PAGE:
There’s a lot of different corners of our music that come to mind. I think, at our best, our music is honest, and speaks that song like Greg referred to speaks, like in some, some of the many of the songs it’s like, it’s like, as people were like, God liberates the people out of like enslavement, right? In Egypt? Like, the reality is just really hard. And so like, a lot like a lot of these, like, texts in Hebrew scripture, like, they don’t paint these like super rosy pictures. It’s like, here’s where we are. We’re in the wilderness. Like, may God help us because we don’t really have any other way. And there’s there’s been a lot of songs. I mean, I learned so much from songwriting about from Greg, and he has, he has a song on the new one called “Almost Out of Words Again,” which is one that I really love. That’s like been with me for a long time. He has. Yeah, I mean, there’s so many. So I think I think just just just pull one out and give it a listen and see what happens. Yeah, there’s some balance to Ben between the the, the way that the historical movement of hymnody, right, within the Christian tradition, over the last, you know, centuries and millennia, right. And the fresh catching of, of the spirits movement in our, in our communities, in our midst, in the local church, in individuals, as songwriters, and otherwise. And there’s something that whenever Yeah, we’re trying to catch up both when we do some of those reclaimed hymns, but the church needs both, we need sort of this. Anchoring to something outside of this moment, because it always feels like everything is brand new, and like it’s never been, but it’s so many things have been and so being anchored into that tradition, while also catching those fresh, you know, whispers of the spirits movement in our communities. It’s beautiful and something we were committed to. Yeah,
Ben Wideman 17:58
Yeah. It’s reminding me of the conversation that I had with a few of the folks who put together that recent Voices Together Hymnal Project who talked about their initial desire was to hear congregations report, what their “heart songs” were, I think that was the word that they used… What are the things that you, you sing and you immediately feel like you belong at a place? But what they were surprised by it was that across the denomination, there were different heart songs, depending on where they were at even in the same location, different churches across town would have different heart songs, different ways of finding comfort. And so we need that kind of tension of, of experiencing new things returning to the old and, and it strikes me as well, that music is also prophetic at times. It’s not always just a place where we find peace and comfort, but a place where we’re challenged. And I wondering if you could reflect a little bit on that. Does The Walking Roots also feel like nudging people from time to time not just singing songs that suited us but but getting us perhaps to think beyond our comfort zones?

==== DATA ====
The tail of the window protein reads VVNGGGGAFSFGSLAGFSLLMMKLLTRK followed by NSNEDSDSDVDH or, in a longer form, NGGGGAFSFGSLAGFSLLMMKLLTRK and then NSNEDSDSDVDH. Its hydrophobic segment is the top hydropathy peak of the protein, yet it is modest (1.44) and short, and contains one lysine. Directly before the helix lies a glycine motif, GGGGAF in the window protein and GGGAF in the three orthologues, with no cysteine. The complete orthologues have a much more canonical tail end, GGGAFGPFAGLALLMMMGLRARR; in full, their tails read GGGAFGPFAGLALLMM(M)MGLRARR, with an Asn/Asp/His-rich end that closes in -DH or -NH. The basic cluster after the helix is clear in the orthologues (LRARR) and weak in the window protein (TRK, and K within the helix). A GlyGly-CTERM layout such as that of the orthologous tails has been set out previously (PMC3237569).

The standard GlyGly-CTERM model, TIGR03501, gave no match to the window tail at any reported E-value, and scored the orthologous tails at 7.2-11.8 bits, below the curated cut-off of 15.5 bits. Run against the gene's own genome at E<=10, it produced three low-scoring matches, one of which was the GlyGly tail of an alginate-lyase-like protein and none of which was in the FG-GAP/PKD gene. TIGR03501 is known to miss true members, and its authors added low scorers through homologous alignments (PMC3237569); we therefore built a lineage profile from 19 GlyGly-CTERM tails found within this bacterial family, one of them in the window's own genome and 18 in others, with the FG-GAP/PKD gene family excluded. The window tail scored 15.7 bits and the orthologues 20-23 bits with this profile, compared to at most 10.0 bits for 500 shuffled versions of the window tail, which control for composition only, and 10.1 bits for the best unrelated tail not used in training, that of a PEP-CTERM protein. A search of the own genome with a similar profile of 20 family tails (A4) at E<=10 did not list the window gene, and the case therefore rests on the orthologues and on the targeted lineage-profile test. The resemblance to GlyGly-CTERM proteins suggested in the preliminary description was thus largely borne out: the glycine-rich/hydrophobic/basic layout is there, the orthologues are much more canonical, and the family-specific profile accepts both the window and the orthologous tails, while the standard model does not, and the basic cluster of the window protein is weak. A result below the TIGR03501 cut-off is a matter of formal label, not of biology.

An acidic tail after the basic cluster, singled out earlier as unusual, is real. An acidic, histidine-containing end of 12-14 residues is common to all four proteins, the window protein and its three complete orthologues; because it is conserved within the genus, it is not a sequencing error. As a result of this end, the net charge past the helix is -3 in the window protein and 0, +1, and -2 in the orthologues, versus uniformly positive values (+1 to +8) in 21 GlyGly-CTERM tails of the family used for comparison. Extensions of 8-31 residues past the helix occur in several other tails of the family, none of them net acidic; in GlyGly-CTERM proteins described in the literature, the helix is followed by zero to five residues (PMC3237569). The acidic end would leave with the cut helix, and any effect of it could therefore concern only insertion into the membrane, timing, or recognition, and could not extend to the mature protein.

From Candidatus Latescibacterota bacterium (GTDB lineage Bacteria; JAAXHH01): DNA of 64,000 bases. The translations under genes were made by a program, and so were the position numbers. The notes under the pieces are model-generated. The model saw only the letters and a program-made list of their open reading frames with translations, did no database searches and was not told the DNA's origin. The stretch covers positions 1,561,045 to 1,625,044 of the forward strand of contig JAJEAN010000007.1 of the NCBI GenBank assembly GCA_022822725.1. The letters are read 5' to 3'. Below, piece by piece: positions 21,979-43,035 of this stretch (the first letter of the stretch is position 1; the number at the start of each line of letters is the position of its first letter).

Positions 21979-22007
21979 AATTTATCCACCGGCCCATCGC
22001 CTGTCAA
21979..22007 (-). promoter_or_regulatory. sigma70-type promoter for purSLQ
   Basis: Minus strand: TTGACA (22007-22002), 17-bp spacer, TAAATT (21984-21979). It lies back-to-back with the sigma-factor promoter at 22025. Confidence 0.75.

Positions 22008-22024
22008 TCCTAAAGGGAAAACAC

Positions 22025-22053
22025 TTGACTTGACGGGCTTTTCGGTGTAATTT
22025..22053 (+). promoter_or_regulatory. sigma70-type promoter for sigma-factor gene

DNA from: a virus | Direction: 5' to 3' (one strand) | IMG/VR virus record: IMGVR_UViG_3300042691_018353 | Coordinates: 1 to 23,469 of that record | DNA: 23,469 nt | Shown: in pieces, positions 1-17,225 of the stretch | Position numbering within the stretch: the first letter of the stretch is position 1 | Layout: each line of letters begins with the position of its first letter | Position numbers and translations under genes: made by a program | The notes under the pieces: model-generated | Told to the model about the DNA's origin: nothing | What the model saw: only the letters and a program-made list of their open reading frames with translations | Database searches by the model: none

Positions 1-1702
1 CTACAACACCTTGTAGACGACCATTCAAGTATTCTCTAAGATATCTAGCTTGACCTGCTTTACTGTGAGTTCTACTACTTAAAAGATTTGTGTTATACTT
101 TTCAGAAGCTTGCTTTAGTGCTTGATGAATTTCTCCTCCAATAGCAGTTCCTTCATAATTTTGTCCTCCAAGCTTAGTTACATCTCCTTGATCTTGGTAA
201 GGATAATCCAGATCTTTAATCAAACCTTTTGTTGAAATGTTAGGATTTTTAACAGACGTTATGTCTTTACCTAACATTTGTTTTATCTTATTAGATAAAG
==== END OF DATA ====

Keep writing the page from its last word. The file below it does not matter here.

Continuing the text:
Seth Crissman 19:03
Do we do like to nudge people? You know, we write we write we write music that comes out. And and at times those messages might might it people are in different places, just like you mentioned different communities within the same geographical area the same there. There’s very we’ve played in so many, so many Anabaptist communities in the last 10 years. I mean, I’m trying to think if there are folks in the Mennonite Church in our in our in our little sphere of the world that have been in as many churches leading worship and and looking at their hymnals for what they say in the week before and because we’ve been there in those spaces and listen to those church leaders talk about their songs and their communities. And to be honest, I think what that’s done for me is it’s given me a deep appreciation for the ways that they are trying to in genuine ways follow Jesus as a community. And and yeah, some of our music for some People will nudge them. Maybe it’s, you know, we were in a tradition where 50 years, the music that wasn’t sacred 50 years ago 60. I mean, in some of our it’s, it’s not that far away that that was pretty, pretty far off and taboo, and so…
Greg Yoder 20:13
Also instruments in church history not that long ago.
Seth Crissman 20:18
Greg Yoder 20:19
Super, super taboo.
Ben Wideman 20:21
Yeah, within my lifetime, my home congregation added a piano, like it was all all four part harmony.